The Check Engine Light: Is My Car Safe to Drive?

Ah, yes, the check engine light. Source of many jokes and almost as many misunderstandings! Ignore it? Stop driving immediately? What do I do?

The most important thing you need to know is that the “check engine light” communicates information about a car’s emissions control and engine management systems. It will not tell you if your tires are dangerously worn, if your brakes are about to fail, if a component of your suspension is *thisclose* to breaking and causing you to lose control of your car.

Over my years answering car questions, I have encountered people who feel that as long as the check-engine light (or CEL, as it’s sometimes referred to) is not on, their car is safe to drive. This is a false assumption, as most of the maintenance issues which may make a car un-safe to drive will not trigger the check engine light!

Unless the check engine light is flashing or blinking (which is serious) a check-engine light is nothing to be immediately alarmed about, but it does need attention soon. If the car is still driving and acting normally despite the check engine light, you can finish your errands and go the family baseball game this weekend. Just remember to call and schedule a shop visit for sometime next week.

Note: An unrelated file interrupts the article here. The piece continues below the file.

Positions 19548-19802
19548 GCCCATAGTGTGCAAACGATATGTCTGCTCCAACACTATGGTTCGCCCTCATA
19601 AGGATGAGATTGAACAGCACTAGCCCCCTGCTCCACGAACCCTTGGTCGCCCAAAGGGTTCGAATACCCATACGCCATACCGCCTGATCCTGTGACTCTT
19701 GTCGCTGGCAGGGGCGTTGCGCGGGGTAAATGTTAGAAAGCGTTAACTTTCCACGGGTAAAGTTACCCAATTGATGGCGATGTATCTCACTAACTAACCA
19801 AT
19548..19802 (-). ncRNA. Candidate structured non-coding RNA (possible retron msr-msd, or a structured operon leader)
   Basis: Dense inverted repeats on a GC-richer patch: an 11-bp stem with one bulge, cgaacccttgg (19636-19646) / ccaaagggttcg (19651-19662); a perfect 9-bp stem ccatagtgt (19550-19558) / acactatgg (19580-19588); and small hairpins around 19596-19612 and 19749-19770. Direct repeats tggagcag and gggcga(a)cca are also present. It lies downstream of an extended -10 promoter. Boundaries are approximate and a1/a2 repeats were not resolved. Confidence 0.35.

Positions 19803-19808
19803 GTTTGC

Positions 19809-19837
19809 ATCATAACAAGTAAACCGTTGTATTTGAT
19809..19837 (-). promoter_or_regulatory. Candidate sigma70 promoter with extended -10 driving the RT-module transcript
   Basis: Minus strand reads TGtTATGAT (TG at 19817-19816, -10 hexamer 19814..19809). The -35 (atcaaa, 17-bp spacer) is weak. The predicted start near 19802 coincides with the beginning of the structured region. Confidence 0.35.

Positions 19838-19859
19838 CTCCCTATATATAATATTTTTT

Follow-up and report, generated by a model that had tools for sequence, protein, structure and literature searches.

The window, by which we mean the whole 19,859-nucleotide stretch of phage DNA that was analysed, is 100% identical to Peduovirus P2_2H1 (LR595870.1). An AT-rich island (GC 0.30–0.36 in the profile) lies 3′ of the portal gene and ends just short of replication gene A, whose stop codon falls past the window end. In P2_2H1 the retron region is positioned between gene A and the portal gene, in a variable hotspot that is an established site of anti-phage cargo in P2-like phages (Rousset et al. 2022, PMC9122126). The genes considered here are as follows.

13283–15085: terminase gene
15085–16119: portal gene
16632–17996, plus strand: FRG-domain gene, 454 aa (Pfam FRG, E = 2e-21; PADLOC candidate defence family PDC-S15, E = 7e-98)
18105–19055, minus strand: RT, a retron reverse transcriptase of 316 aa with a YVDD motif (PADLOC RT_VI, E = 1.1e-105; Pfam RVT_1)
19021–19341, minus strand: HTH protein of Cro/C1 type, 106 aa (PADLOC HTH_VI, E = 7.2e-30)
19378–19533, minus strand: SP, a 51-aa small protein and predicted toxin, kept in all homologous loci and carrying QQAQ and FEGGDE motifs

If, however, your check engine light is flashing, you need to stop driving the car as soon as you can do so safely. A flashing or blinking light means there’s a serious issue in the car’s emissions, engine controls, or transmission and damage can occur if you continue to drive. Pull over and stop driving as soon as possible! You may need a tow.

In short: blinking light is serious business; steady light needs attention soon but isn’t an immediate emergency.

And remember! The really scary and dangerous maintenance concerns your car may develop likely won’t trip your check-engine light at all, so keep up with regular brake inspections, oil changes, and suspension, steering, and tire maintenance even if your check engine light never lights up!